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8 Comments:

Blogger girlbomb said...

Perfect! I can't wait for Angus's first solo show!

9:28 AM  
Blogger GeeNetZie said...

Okay that was Hy-larry-us! Love it

2:29 PM  
Blogger Stephanie said...

More!!

6:12 PM  
Blogger Anne said...

Angus thanks all of you for your support. Emerging artists love to know the appreciators are out there.

I plan to engineer another work opportunity for him soon. It may not be as fun when I do it intentionally, and he may not cooperate. You know these tempermental artistes. Plus he's preoccupied with training his assistant.

9:55 PM  
Blogger Summer LaPress said...

Angus, do you ever work with food/edible media? 'Cause I'm having tremendous results lately with things such as full-fat Greek yogurt and diced cherry tomatoes. It's definitely as much about process as product, though I stop just shy of calling it performance art. I have to work fast, though, because my benefactors don't seem to appreciate the raw (ha!), childlike exuberance I infuse into my work. They're always mopping up my creations with paper towels. Though I think they're coming around -- and even hoping my art could someday subsidize their retirement -- because lately the female benefactor has been archiving my pieces with her crappy digital camera that has an insanely slow shutter speed. Then she says words that start with F when she gets yet another shot of the back of my head.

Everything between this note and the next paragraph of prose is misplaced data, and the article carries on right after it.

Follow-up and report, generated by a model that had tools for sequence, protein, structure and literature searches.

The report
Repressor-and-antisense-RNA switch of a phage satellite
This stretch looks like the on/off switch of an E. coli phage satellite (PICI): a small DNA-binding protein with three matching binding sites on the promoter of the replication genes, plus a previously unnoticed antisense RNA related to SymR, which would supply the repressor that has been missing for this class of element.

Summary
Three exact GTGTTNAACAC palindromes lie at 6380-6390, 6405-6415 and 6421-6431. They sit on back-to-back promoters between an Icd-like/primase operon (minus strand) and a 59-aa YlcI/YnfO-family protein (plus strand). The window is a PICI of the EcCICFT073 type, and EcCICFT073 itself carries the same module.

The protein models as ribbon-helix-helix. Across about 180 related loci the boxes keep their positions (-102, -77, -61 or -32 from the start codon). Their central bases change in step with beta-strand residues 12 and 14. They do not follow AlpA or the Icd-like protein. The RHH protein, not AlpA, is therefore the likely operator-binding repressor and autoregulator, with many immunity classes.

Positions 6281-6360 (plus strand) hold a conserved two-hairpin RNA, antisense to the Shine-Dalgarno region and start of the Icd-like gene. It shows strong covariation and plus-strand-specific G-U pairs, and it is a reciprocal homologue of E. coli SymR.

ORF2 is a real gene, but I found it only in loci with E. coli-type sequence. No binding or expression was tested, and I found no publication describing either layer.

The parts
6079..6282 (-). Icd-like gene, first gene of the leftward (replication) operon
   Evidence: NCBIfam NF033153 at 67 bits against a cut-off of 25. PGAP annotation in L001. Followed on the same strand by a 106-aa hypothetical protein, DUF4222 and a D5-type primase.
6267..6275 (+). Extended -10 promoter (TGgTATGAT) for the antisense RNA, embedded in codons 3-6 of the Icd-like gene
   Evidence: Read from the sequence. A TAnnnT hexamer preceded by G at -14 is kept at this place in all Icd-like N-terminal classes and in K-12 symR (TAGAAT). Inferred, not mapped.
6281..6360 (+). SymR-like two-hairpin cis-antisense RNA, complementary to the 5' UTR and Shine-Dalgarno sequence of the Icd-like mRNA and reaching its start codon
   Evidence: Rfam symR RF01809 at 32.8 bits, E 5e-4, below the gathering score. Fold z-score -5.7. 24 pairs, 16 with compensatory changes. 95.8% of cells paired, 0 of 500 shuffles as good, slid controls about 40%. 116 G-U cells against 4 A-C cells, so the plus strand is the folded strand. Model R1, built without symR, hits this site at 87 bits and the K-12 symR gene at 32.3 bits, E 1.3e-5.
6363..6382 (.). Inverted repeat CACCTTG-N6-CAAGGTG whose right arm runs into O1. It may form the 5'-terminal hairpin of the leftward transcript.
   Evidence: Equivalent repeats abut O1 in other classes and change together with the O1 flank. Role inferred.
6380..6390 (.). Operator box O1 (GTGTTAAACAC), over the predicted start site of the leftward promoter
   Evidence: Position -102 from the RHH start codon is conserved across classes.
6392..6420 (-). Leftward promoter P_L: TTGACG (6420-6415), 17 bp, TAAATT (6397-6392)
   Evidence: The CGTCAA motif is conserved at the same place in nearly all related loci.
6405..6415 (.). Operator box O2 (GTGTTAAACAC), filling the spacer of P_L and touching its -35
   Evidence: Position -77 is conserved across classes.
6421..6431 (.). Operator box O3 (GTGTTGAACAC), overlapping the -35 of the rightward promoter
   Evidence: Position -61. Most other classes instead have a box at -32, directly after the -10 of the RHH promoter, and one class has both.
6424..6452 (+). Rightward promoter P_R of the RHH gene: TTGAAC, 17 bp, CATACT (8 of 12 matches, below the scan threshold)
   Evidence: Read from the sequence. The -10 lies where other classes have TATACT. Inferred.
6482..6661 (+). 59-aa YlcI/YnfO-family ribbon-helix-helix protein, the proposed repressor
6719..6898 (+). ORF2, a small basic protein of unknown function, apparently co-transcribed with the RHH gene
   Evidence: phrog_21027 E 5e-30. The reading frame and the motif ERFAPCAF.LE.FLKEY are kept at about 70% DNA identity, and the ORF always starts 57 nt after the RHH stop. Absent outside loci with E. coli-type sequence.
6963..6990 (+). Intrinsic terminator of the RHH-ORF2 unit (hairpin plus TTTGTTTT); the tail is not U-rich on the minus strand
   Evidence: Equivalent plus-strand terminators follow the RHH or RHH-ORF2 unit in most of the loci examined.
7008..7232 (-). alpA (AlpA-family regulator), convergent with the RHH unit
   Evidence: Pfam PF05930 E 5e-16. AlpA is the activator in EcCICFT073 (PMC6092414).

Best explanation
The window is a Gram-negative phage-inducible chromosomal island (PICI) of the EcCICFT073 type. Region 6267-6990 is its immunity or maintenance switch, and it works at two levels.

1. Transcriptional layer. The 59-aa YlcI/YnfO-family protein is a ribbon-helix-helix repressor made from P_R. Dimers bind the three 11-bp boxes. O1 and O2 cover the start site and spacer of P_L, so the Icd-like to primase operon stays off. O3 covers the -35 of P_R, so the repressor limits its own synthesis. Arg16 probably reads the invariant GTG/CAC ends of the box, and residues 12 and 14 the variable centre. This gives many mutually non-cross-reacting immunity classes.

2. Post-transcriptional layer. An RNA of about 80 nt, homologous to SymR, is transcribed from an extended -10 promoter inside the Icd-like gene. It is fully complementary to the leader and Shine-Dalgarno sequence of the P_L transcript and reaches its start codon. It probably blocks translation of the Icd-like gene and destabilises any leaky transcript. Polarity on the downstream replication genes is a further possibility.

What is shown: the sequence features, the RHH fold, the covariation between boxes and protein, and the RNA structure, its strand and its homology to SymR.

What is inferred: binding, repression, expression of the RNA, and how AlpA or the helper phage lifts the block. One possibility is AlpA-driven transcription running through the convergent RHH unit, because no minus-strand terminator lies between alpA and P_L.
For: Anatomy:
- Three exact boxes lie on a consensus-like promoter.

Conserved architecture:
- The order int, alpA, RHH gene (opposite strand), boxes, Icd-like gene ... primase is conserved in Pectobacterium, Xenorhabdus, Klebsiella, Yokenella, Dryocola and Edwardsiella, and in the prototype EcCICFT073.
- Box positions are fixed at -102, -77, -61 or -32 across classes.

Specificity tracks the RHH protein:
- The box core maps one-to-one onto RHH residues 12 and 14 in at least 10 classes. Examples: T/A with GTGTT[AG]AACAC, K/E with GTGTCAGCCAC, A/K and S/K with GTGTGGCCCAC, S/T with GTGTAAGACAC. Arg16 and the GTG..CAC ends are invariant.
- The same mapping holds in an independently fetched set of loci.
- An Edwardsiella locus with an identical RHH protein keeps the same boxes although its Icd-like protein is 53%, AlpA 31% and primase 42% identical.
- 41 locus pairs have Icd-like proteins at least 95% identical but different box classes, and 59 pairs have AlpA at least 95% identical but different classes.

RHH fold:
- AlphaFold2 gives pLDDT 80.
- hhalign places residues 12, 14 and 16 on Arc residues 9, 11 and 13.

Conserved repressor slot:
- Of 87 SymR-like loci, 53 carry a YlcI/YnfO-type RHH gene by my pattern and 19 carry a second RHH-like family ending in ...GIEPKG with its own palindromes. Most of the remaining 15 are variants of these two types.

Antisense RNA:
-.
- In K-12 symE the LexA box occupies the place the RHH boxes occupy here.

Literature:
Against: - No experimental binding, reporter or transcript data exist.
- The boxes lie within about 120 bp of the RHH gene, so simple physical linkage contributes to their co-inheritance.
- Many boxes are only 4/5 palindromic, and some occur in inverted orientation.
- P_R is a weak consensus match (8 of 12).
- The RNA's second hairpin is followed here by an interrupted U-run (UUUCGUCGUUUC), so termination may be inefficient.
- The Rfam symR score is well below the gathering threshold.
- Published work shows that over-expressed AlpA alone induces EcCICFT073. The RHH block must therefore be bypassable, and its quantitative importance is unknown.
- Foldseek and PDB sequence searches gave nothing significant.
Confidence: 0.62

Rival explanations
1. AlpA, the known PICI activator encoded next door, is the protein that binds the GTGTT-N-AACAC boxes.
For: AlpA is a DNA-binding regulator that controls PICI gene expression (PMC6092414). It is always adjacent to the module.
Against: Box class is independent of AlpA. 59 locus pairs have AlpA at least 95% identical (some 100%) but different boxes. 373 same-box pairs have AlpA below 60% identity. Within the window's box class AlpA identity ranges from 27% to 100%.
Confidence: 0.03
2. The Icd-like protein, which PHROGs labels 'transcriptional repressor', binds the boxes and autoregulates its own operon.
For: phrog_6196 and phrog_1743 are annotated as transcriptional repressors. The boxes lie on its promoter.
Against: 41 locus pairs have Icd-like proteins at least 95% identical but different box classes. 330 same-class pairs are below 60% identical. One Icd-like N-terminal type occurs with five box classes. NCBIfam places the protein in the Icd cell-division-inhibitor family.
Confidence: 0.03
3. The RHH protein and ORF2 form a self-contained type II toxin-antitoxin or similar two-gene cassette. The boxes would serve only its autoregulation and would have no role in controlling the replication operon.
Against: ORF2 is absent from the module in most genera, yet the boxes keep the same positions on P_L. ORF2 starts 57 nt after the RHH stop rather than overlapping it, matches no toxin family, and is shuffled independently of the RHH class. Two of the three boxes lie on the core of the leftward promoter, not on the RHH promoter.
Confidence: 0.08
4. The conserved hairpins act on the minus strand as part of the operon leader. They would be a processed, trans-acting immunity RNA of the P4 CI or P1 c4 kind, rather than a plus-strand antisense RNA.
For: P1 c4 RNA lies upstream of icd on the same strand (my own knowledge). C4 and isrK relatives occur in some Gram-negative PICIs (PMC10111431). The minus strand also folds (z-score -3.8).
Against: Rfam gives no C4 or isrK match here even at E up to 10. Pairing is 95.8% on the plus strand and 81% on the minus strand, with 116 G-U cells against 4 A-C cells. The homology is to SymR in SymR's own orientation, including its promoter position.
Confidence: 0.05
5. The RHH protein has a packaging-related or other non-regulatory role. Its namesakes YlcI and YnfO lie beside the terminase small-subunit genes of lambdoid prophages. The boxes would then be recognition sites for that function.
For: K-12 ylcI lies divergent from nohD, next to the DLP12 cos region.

10:14 AM  
Blogger Anne said...

Whoa, Summer! I would love to see some of that documentation!

10:53 AM  
Blogger Virginia said...

Angus, even if you retro-fitted that artist's statement to a spontaneous creation, I remain dazzled by the work and the words.

Linus over here has been on a more Chris Burden/Joseph Bueys kick: He eats a rubber band, which causes him to throw up everything he eats for three days. His benefactress studies his work for signs of rubber band, in vain, is just about to take him to the vet, when suddenly food stays down again, and he goes looking for a new rubber band. Anorexia or a comment on anorexia? Is this a performance piece with the viewer's anxiety and disgust as important a byproduct as the barf?

11:08 AM  
Blogger Anne said...

Virginia: re Linus' new work, yes, disgust is important. Perhaps a comment on eating disorders. But like a lot of self-mutilation art, it has a quality of experimentation too. The body is, perhaps, the last sovereign territory, and he claims it by ingesting the rubber band.

9:08 AM